Richard Cordray, who rarely acknowledged criticism of his leadership skills when he was Director of the Consumer Financial Protection Bureau (CFPB), launched into an epic Twitter rant
against the contents of a memo sent by Mick Mulvaney, the bureau’s Acting Director, to his staff that called the Cordray style of governance into question.
In the e-mail, which was made public via the left-wing news site ProPublica, Mulvaney cited comments made by Cordray that defended the agency’s reputation for “pushing the envelope” in its enforcement practices
, and argued that was the worst approach for a regulator to employ. Cordray, dripping with sarcasm, used Twitter to reference the department’s “squatter leadership” while trying to defend his record.
“Leaked memo from the CFPB’s putative acting director says the agency will no longer ‘push the envelope’ on behalf of consumers as we did on my watch,” he tweeted. “Did we push hard to see that people are treated fairly by big banks, debt collectors, and payday lenders? You bet we did.”
Cordray also belittled Mulvaney’s quotation from Robert Bolt’s play on St. Thomas More, “A Man for All Seasons,” and added a historic quote of his own.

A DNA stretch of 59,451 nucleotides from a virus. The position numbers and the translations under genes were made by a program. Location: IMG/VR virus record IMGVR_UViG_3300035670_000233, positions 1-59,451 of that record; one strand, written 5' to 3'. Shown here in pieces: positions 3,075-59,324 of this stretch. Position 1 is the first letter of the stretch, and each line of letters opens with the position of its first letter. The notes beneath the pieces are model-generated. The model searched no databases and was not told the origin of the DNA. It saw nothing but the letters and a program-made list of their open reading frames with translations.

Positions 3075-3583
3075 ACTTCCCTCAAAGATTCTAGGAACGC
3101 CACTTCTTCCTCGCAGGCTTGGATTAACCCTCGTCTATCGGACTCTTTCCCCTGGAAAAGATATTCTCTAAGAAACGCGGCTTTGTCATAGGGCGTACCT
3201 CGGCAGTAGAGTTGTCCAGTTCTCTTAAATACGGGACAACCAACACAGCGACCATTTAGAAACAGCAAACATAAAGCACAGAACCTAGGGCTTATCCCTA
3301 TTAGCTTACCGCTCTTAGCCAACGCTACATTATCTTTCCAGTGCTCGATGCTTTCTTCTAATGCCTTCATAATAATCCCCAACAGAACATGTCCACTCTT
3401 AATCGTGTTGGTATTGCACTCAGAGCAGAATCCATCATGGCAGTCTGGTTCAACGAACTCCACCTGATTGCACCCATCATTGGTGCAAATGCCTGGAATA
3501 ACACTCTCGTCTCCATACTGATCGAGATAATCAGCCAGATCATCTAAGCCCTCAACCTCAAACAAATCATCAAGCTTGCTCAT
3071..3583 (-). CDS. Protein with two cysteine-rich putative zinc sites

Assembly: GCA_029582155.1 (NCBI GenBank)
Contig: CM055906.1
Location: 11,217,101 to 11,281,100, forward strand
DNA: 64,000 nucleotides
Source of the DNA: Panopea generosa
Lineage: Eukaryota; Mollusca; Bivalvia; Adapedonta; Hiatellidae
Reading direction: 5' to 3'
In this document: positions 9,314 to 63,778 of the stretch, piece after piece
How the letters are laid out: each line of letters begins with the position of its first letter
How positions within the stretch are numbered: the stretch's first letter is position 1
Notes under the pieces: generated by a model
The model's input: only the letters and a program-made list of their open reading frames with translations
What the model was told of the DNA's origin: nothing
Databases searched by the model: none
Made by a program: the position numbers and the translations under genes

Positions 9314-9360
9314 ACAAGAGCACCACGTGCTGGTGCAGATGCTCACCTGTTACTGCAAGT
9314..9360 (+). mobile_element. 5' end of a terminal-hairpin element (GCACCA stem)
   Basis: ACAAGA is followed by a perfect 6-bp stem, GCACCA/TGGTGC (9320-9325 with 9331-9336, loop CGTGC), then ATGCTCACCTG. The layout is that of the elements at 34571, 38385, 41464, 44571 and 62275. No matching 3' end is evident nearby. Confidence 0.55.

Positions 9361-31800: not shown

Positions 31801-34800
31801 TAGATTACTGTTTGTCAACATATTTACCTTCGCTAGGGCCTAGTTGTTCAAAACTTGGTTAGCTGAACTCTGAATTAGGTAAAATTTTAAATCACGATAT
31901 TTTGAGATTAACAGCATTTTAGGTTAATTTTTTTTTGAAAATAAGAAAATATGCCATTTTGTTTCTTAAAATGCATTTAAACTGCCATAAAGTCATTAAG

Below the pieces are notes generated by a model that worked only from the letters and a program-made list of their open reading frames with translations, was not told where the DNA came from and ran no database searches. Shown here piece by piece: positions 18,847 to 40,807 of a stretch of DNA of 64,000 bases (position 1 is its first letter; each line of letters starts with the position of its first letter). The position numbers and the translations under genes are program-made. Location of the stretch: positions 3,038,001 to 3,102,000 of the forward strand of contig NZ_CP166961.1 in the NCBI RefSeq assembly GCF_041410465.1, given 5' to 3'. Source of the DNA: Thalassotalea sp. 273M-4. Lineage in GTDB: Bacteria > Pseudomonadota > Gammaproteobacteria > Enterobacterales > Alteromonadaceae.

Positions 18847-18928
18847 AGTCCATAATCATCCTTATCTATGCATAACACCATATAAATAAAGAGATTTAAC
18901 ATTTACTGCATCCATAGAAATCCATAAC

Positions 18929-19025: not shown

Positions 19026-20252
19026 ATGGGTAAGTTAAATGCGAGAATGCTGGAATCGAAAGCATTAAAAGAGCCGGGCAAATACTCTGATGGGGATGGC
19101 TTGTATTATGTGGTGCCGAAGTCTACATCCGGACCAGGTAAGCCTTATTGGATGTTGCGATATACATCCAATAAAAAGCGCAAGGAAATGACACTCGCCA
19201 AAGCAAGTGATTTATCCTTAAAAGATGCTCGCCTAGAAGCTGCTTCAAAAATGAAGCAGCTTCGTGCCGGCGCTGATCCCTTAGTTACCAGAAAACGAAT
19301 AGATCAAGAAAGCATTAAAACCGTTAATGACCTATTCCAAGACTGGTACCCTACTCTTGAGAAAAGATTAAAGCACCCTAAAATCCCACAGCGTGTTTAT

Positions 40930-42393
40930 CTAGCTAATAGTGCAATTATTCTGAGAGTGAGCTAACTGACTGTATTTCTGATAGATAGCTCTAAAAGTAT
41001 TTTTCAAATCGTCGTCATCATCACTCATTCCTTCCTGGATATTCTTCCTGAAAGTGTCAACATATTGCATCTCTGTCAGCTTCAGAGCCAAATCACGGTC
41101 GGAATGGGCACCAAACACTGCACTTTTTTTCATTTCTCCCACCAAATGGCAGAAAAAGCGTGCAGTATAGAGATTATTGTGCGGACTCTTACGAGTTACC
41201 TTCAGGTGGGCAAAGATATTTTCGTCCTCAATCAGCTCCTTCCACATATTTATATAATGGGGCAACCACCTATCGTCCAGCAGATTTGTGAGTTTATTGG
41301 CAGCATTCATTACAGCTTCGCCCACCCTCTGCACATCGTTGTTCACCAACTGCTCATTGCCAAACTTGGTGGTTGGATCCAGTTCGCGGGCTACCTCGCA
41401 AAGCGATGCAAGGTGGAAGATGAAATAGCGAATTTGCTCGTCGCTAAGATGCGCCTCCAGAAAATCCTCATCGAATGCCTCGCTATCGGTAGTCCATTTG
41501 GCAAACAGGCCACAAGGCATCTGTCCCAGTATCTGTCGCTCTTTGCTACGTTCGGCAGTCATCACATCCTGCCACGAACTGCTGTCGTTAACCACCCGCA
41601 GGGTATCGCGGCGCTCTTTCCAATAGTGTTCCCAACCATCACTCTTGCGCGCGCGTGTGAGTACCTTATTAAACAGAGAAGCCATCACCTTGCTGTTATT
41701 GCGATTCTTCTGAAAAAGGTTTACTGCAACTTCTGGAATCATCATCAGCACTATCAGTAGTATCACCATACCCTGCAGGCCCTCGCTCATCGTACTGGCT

“I dug frequently into Marcus Aurelius’ Meditations during the tribulations at CFPB last year,” he tweeted. “His Stoic outlook holds great appeal. We must try our utmost to be deserving and worthy of respect. External vicissitudes must be kept in perspective. Easier said than done though!”
Cordray, whose period of leadership at the CFPB was pockmarked with complaints of discrimination in the personnel process, cost overruns in the agency’s headquarters renovation and ham-handed enforcement coupled with vague instructions on regulatory guidelines, quit his job in late November to pursue the Democratic nomination for governor of Ohio. He also used Twitter to support Leandra English, his hand-picked interim successor—two courts have blocked the English promotion, and a federal appeals court is now hearing that case.